THE NEWER STYLES IN GHOSTS AND DEMONS, article in the Current Opinion 1918
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Dr. Dorothy Scarborough Reports that the Spirit-World has been Made Safe for Democracy
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GHOSTS and devils, disembodied spirits, the supernatural in many forms, all permeate modern fiction. Unearthly beings meet us in all guises and answer our every mood, whether it be serious or awed, satiric or humoresquc. Ghosts "came in" with the Gothic romance, with such writers as Charles Brockden Brown or Anne Radcliffe; but our most modern writers, our Theodore Dreisers no less than our Edith Whartons, still study their haunts and habits. The new ghosts and the new devils are now studied in detail, in the first volume ever published about the supernatural in English fiction, by Dr. Dorothy Scarborough, of Columbia University. A specialist and a lover of ghosts, Miss Scarborough has contributed not merely erudition and scholarship to this investigation but, as the N. Y. Sun takes care to point out, humor and irony and colloquial cleverness of phrase. In her introduction she reveals her own attitude in interpreting the latest styles in ghosts:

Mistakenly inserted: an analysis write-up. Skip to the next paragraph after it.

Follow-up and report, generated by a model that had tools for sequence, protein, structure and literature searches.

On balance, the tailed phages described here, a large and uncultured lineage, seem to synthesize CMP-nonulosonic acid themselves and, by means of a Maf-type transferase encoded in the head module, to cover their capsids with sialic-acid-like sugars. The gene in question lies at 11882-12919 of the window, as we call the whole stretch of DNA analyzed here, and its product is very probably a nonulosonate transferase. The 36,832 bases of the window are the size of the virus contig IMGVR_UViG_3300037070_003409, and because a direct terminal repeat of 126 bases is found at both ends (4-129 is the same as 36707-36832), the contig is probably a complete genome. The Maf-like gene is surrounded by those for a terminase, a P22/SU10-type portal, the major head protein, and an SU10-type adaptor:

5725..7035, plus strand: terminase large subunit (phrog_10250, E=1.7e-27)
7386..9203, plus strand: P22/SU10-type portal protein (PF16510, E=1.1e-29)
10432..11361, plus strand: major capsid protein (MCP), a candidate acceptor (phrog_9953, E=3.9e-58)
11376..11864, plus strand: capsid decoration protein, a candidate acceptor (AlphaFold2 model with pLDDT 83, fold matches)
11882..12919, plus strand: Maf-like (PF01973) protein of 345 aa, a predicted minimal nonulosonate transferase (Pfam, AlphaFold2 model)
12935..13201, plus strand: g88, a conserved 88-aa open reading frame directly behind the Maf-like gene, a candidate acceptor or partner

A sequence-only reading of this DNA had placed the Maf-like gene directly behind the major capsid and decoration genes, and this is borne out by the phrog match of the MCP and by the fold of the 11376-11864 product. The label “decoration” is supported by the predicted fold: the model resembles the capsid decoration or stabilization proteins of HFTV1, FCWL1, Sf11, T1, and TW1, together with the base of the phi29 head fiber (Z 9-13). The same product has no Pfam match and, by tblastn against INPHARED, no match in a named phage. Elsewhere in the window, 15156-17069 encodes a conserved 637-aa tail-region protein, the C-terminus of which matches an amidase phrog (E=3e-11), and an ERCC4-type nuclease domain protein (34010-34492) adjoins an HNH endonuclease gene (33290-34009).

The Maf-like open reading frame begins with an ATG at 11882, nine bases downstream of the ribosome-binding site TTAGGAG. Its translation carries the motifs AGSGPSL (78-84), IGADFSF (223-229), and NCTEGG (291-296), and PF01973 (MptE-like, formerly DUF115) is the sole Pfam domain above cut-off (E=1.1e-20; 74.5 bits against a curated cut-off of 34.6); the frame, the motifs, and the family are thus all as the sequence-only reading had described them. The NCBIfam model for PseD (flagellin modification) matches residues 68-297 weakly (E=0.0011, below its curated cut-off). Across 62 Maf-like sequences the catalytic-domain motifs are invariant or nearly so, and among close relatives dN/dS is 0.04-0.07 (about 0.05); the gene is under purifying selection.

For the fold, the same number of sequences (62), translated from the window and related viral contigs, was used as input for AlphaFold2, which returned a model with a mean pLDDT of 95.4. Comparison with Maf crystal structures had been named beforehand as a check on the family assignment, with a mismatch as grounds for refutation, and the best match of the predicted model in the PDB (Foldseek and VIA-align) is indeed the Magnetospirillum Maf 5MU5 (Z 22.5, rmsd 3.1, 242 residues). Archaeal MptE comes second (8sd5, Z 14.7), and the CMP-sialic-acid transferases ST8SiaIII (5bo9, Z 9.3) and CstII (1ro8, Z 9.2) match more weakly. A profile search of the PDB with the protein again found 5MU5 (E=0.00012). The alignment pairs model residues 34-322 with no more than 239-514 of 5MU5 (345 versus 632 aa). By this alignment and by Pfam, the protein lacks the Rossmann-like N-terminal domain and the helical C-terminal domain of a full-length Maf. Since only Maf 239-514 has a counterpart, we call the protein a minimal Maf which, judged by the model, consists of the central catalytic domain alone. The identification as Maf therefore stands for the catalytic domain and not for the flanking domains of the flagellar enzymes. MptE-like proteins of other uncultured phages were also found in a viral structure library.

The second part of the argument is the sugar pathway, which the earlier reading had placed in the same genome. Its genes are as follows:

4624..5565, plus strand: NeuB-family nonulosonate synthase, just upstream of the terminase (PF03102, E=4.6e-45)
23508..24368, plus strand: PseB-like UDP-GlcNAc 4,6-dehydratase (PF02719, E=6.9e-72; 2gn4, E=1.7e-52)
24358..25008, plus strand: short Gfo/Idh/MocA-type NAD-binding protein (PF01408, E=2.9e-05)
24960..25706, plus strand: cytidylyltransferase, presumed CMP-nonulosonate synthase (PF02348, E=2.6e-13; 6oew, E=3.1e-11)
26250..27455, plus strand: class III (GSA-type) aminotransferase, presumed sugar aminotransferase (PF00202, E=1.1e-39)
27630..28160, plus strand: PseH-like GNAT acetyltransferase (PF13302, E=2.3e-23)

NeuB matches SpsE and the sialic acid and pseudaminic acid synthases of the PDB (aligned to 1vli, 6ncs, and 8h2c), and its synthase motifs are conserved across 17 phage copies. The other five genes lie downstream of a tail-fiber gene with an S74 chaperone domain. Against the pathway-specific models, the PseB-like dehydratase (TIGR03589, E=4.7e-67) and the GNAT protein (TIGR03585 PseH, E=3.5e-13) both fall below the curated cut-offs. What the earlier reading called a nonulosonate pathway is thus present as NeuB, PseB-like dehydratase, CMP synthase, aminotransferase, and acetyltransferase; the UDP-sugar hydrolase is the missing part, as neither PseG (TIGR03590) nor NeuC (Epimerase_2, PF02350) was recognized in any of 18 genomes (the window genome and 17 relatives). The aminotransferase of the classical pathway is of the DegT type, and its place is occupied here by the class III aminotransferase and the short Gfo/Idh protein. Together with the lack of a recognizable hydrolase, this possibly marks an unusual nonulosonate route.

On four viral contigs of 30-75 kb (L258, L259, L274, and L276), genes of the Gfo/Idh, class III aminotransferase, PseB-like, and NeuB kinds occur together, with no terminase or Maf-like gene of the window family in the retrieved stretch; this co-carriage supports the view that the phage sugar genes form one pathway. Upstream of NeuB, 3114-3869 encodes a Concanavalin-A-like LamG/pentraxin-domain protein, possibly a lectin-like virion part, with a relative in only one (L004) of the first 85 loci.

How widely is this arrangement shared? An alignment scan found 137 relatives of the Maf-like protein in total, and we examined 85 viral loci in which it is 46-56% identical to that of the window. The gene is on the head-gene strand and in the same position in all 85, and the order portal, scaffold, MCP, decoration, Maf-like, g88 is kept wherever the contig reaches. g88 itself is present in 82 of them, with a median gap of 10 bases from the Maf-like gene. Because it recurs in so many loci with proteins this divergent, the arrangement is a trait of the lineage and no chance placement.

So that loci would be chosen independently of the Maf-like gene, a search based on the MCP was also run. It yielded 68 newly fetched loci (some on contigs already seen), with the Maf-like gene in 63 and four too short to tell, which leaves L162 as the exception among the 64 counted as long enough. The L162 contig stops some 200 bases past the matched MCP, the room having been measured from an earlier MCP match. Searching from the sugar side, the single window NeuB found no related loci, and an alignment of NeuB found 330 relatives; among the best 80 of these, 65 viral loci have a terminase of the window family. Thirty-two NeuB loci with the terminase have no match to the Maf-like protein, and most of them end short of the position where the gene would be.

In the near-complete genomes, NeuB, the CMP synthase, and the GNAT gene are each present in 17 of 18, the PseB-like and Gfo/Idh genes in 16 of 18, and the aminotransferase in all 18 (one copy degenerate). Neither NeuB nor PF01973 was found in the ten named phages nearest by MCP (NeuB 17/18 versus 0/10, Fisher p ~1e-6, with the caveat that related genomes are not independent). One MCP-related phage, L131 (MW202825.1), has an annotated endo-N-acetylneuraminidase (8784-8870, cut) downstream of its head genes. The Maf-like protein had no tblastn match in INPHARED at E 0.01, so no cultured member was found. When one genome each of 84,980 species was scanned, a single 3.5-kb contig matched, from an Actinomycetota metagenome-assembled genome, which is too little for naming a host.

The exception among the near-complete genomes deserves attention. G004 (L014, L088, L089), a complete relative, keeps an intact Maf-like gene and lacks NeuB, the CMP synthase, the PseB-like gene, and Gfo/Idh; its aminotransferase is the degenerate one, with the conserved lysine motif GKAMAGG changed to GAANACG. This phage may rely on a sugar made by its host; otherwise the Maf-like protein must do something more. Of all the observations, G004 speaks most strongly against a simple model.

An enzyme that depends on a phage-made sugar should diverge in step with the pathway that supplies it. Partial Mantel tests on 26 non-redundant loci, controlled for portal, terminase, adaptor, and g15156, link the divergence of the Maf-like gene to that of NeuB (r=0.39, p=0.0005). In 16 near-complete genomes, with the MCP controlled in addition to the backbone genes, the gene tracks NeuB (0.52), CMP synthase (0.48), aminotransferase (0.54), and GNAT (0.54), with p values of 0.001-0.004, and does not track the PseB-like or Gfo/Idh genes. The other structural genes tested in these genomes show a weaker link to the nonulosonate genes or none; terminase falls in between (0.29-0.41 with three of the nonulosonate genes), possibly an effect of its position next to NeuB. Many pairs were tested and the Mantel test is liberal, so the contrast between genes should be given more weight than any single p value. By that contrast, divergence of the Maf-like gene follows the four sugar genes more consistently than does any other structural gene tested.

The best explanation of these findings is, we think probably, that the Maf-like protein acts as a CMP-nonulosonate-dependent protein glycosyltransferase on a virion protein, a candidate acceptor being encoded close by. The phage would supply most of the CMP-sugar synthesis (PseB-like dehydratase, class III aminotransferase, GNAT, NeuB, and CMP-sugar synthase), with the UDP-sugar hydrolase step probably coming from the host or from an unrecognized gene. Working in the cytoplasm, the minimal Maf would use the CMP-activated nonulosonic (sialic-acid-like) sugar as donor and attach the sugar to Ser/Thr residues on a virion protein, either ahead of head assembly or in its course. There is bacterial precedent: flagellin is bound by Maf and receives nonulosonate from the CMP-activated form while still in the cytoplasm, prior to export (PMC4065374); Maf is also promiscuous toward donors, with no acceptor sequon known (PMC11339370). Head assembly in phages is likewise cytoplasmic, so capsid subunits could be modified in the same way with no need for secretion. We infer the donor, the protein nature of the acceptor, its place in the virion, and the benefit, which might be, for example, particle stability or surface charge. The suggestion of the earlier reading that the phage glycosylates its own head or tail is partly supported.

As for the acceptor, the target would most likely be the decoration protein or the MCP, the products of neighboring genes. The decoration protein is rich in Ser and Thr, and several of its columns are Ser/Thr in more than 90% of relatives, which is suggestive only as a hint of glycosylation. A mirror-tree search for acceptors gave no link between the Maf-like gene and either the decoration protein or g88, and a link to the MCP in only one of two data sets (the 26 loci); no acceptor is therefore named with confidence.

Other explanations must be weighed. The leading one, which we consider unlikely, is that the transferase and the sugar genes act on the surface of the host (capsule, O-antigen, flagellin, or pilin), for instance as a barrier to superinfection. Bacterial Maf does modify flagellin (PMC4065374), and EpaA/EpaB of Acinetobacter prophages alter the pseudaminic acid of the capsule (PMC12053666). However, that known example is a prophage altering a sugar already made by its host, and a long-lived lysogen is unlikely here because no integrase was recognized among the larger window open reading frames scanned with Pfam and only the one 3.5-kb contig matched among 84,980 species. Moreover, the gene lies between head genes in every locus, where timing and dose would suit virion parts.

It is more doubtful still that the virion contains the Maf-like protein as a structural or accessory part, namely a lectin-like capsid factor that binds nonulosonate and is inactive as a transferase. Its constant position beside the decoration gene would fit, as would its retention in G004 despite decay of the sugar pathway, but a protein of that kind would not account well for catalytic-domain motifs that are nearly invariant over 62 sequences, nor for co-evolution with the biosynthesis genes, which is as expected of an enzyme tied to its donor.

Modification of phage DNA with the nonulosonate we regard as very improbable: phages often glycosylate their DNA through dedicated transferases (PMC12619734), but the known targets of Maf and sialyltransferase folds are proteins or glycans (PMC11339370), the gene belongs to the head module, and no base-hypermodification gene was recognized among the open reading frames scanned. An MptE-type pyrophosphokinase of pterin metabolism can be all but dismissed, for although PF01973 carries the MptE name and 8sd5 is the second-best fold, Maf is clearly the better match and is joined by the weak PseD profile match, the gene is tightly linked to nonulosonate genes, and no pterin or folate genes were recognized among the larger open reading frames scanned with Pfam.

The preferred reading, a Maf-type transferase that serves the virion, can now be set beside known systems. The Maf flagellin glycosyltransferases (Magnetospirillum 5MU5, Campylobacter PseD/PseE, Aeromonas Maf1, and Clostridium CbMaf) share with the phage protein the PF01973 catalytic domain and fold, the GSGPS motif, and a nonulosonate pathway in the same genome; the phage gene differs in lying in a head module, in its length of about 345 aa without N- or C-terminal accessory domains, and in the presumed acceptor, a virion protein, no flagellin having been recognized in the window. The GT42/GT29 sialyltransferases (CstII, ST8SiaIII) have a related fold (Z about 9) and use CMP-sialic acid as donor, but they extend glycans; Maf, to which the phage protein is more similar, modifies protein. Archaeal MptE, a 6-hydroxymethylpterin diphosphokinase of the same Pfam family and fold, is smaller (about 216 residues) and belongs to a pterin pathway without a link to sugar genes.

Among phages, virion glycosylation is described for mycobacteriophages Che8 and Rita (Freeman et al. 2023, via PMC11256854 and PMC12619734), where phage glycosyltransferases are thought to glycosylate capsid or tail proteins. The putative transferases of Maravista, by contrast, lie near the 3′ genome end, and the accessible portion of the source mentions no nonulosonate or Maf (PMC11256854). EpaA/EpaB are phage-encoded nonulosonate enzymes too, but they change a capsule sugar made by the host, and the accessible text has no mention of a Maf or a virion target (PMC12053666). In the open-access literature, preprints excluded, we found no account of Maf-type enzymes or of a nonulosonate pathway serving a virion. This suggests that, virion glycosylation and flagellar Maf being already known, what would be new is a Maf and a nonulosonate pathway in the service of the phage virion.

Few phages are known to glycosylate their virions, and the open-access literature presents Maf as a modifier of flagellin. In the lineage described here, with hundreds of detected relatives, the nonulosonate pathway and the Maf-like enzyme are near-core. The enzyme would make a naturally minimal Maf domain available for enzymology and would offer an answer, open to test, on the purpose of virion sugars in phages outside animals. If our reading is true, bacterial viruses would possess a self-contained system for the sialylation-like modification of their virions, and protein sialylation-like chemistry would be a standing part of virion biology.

"I deal with ghosts and devils, by and large, in an impressionistic way. I don't know much about them; I have no learned theories of causation. I only love them. I only marvel at their infinite variety and am touched by their humanity, their likeness to mortals. I am fond of them all, even the dejected, dog-eared ghosts that look as if they were wraiths of poor relations left out in the rain all night, or devils whose own mothers wouldn't care for them. It gives me no holier-than-thou feeling of horror to sit beside a vampire in the subway, no panic to hear a banshee shut up in a hurdy-gurdy box. I give a cordial how-do-you-do when a dragon glides up and puts his paw in mine, and in every stray dog I recognize a Gladsome Beast. Like us mortals, they all need sympathy, none more so than the poor wizards and bogles that are on their own, as the Scotch say."